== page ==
Think back over your own journey of faith. Do you remember when you first met Jesus? I’ve been a believer since I was a little girl, however, the richness of my understanding of God’s love and mercy has only bloomed in recent years. There have been many people along the way to help shepherd me and open my eyes to the truth. It takes a village.
But that village can be divided. As a pastor’s wife, I’ve seen first hand how divisions in the church can break up friendships and even families. What did you think about Paul’s counsel to Titus here? “If people are causing divisions among you, give a first and second warning. After that, have nothing more to do with them.” I recall several situations we encountered with people who seemed to thrive on being divisive. I must admit it was a lot easier when I didn’t have to associate with them regularly.
How timely is this wisdom from Paul? “Remind the believers to submit to the government and its officers.” At least for people in the United States, there has been a change in power. A new president has taken his oath to lead the country. Whenever new government officials are put in place, there are some who are happy and others who are not so happy. The important thing to remember is remembering who is in charge.
Overall, we can say that God is in charge. He is the only authority to fully submit to. That is true. But we hear here to “submit” to government officials. Other translations say: be subject to, obey, be submissive to, respect, etc. You get the idea. Romans 13:1 says something similar “Everyone must submit to governing authorities. For all authority comes from God, and those in positions of authority have been placed there by God.” The Romans text goes into a little more detail. You can read it here.
If you ever wanted to know what God expects from us in terms of how to live, Paul reveals a bit of that to Titus in this reading. Guys and gals, old and young, even slaves have some good stuff to take away. I was just a little stunned when I realized that slaves got extra. After all, they are also going to fit into one of the gender categories as well, right? Being we don’t have “slaves” commonly today is probably what caught my attention, too.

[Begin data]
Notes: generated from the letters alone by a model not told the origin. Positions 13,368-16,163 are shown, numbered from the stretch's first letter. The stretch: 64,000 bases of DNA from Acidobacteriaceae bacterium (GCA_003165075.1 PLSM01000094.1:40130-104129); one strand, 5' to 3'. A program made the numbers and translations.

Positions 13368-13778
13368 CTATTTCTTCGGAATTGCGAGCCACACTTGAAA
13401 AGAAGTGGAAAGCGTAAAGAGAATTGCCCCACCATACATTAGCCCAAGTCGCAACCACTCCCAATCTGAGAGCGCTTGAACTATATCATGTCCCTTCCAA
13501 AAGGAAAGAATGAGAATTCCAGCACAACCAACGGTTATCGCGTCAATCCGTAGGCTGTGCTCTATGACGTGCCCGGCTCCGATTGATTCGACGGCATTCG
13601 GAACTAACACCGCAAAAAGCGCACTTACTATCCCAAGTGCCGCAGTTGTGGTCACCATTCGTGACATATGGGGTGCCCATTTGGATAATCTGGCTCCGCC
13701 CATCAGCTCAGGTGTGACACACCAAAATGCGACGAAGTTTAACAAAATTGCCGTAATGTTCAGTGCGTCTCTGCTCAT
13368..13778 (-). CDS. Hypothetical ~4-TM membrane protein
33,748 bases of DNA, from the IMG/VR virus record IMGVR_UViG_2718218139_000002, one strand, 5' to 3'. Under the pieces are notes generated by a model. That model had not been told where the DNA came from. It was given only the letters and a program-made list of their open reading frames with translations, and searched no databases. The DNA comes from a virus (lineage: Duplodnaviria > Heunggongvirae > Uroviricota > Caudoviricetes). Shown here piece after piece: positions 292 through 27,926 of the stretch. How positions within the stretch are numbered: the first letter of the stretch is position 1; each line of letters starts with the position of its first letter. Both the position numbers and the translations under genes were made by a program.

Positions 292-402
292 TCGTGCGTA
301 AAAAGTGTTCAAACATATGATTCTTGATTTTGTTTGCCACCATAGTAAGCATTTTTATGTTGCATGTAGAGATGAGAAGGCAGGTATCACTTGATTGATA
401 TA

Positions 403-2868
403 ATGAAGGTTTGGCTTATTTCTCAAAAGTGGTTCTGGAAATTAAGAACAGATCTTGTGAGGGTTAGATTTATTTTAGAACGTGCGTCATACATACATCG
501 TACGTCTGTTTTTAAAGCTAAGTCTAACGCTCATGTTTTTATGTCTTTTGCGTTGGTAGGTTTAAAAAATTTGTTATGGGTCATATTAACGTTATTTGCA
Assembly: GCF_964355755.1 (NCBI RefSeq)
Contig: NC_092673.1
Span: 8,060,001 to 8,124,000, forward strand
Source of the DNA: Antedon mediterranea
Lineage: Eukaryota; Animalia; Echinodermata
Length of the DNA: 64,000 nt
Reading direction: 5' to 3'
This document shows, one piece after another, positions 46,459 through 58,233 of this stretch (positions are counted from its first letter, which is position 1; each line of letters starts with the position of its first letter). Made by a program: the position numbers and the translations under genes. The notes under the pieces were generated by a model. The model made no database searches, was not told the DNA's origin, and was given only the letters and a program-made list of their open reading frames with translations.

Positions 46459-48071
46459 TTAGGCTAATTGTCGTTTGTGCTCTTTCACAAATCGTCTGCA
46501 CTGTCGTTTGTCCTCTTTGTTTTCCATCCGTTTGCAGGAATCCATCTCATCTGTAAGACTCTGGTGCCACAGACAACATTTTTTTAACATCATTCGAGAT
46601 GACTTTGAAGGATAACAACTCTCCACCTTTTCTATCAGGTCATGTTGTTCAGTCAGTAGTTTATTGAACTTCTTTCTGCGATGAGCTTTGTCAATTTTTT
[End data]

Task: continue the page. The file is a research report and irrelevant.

Paul is covering all the bases to protect all people. There’s some good stuff here. Now that I’m seeing myself in the “older women” category, I’m especially touched by the notion of showing my younger counterparts how to love and honor their husbands and families. It’s basically a nice way of saying, “set a good example, one others can learn from and model.”
Have you ever been overwhelmed, unsure of what you should be doing? Maybe it was for a task as simple as changing a lightbulb. If you’ve never done it before, it might seem like a daunting task. I’m guessing Titus was a little in over his head in Crete. He and Paul had been together in Crete initially setting up churches. Despite the fact that Paul had appointed elders in some of those churches, those elders needed to be led.
If you’ve ever been involved with a new church plant, you know there is a ton of work that goes into it. Raising up faithful leaders is one of the key parts necessary to having a healthy church community. Paul reminds Titus here what qualities to look for in elders and church leaders. I wasn’t clear whether or not we were talking about two different levels of leadership or not. Either way, church leadership should be carefully chosen and live according to these standards.
Can you think of a time in your life when you had a mentor? That would be someone you seek advice from and look up to. Mentors also encourage you to do the right thing. Sometimes our parents play that role. For Titus, his mentor was Paul. Paul was very influential in the early Christian movement following his conversion. Paul knew that he had to raise up young leadership to “take the baton” so to speak if Jesus’ message was to reach the ends of the earth.
Titus was one of those bright stars that Paul worked with and nurtured. We see the welcome Paul gives to Titus in this letter. While Paul calls Titus out as his “true son in the faith,” the opening lines of this letter seem to be more of an commissioning for the work we (including Titus) are called to do. A good mentor will be clear in giving direction. The message then is to “proclaim faith to those God has chosen and to teach them to know the truth that shows them how to live godly lives.”